Unfortunately, high interest rates, unpredictable harvests, and unscrupulous land owners, and/or merchants, often kept tenant farm families severely indebted. This created a perpetual cycle of requiring the debt to be carried over until the next year or the next. Laws favoring land owners made it difficult, or even illegal, for sharecroppers to either sell their crops to others besides their land lord or prevented sharecroppers from moving if they were indebted to their landlord.

 

Statistics from the time period indicate that approximately 2/3 of all sharecroppers were white, and 1/3 were black. Though both groups were at the bottom of the social ladder, sharecroppers began to organize for better working rights, and the integrated Southern Tenant Farmers Union began to gain power in the 1930s. The Great Depression, mechanization, and other factors lead sharecropping to fade away in the 1940s.

In US Census records following 1865, I have been able to track some of my ancestors who were sharecroppers. My biological paternal great-grandfather, Henry Nelson, and his family appear in the US 1940 Census Record. Henry Nelson is a farmer in the state of Georgia, renting his land. The week prior to when the the census was taken, he had work 45 hours. He worked 40 weeks in 1939, but his income was marked as zero. He is working on his own account, but has no other income sources. It can be assumed, that Henry Nelson and his family were likely sharecroppers. Viewing census records can be telling. You can look at the neighbors to find clues. Surfing through pages, you may be able to identify the land owner. If this is the case, you can look back to older census records and other records. Perhaps the land owner that your ancestor is renting from was his slave owner. These small details can lead to big discoveries.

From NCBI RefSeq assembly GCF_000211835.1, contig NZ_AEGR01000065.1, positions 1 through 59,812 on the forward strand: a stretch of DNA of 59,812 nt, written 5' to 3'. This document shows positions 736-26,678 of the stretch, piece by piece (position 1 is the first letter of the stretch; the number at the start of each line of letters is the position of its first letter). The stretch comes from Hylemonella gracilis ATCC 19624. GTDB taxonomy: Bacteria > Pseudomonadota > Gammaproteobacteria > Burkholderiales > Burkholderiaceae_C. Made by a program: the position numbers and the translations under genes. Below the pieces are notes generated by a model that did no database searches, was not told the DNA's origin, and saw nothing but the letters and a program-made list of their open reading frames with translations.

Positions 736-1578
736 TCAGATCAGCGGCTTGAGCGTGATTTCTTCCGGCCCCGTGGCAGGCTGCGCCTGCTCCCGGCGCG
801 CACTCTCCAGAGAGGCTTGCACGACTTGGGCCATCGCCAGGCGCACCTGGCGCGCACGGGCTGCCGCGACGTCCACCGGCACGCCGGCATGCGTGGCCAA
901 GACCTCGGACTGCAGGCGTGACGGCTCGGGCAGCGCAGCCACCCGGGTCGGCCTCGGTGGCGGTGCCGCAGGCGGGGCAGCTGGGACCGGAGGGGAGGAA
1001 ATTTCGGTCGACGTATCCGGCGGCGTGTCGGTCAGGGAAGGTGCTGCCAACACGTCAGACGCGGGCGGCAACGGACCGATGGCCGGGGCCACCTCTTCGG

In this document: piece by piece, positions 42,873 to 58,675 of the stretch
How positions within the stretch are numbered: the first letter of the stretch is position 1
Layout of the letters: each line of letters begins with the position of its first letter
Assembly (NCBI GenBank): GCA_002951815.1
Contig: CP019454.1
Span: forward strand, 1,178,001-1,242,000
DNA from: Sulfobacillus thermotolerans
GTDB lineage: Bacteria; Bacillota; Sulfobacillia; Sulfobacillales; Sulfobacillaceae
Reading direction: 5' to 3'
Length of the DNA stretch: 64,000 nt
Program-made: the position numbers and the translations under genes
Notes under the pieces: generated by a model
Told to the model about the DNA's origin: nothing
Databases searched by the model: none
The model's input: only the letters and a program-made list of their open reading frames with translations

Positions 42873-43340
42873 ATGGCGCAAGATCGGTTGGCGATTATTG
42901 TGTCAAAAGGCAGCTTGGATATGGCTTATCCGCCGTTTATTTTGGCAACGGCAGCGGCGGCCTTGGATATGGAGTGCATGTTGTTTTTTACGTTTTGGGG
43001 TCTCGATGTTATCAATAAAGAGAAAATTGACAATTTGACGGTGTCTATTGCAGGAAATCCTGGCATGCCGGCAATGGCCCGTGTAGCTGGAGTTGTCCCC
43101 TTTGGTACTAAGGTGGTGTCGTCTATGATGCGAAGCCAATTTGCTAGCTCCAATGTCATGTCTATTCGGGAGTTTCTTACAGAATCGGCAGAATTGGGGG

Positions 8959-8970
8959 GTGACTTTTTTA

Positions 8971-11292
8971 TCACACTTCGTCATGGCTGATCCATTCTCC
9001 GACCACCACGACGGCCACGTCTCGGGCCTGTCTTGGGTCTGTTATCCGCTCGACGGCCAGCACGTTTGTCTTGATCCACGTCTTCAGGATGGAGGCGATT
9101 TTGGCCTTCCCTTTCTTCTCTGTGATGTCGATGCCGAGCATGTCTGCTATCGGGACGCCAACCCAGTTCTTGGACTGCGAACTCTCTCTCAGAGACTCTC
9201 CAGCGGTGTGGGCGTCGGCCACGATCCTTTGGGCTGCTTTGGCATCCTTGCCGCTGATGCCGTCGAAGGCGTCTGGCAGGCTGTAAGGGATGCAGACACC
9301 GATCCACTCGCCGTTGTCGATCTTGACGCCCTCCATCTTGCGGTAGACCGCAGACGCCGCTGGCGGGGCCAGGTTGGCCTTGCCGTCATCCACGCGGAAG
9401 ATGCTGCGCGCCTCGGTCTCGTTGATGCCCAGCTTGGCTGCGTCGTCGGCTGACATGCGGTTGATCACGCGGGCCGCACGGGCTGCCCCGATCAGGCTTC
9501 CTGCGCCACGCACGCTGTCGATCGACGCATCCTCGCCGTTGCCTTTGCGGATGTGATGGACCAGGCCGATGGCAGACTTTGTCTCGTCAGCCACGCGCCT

Next time you look at the 1940 US Census Record or other census records, keep in mind that sharecropping in the South was not uncommon. Many times, African Americans rented land from their former slave masters. Families were sometimes stuck in the cycle of sharecropping due to the unjust legalities put in place.

In Honor of Election Day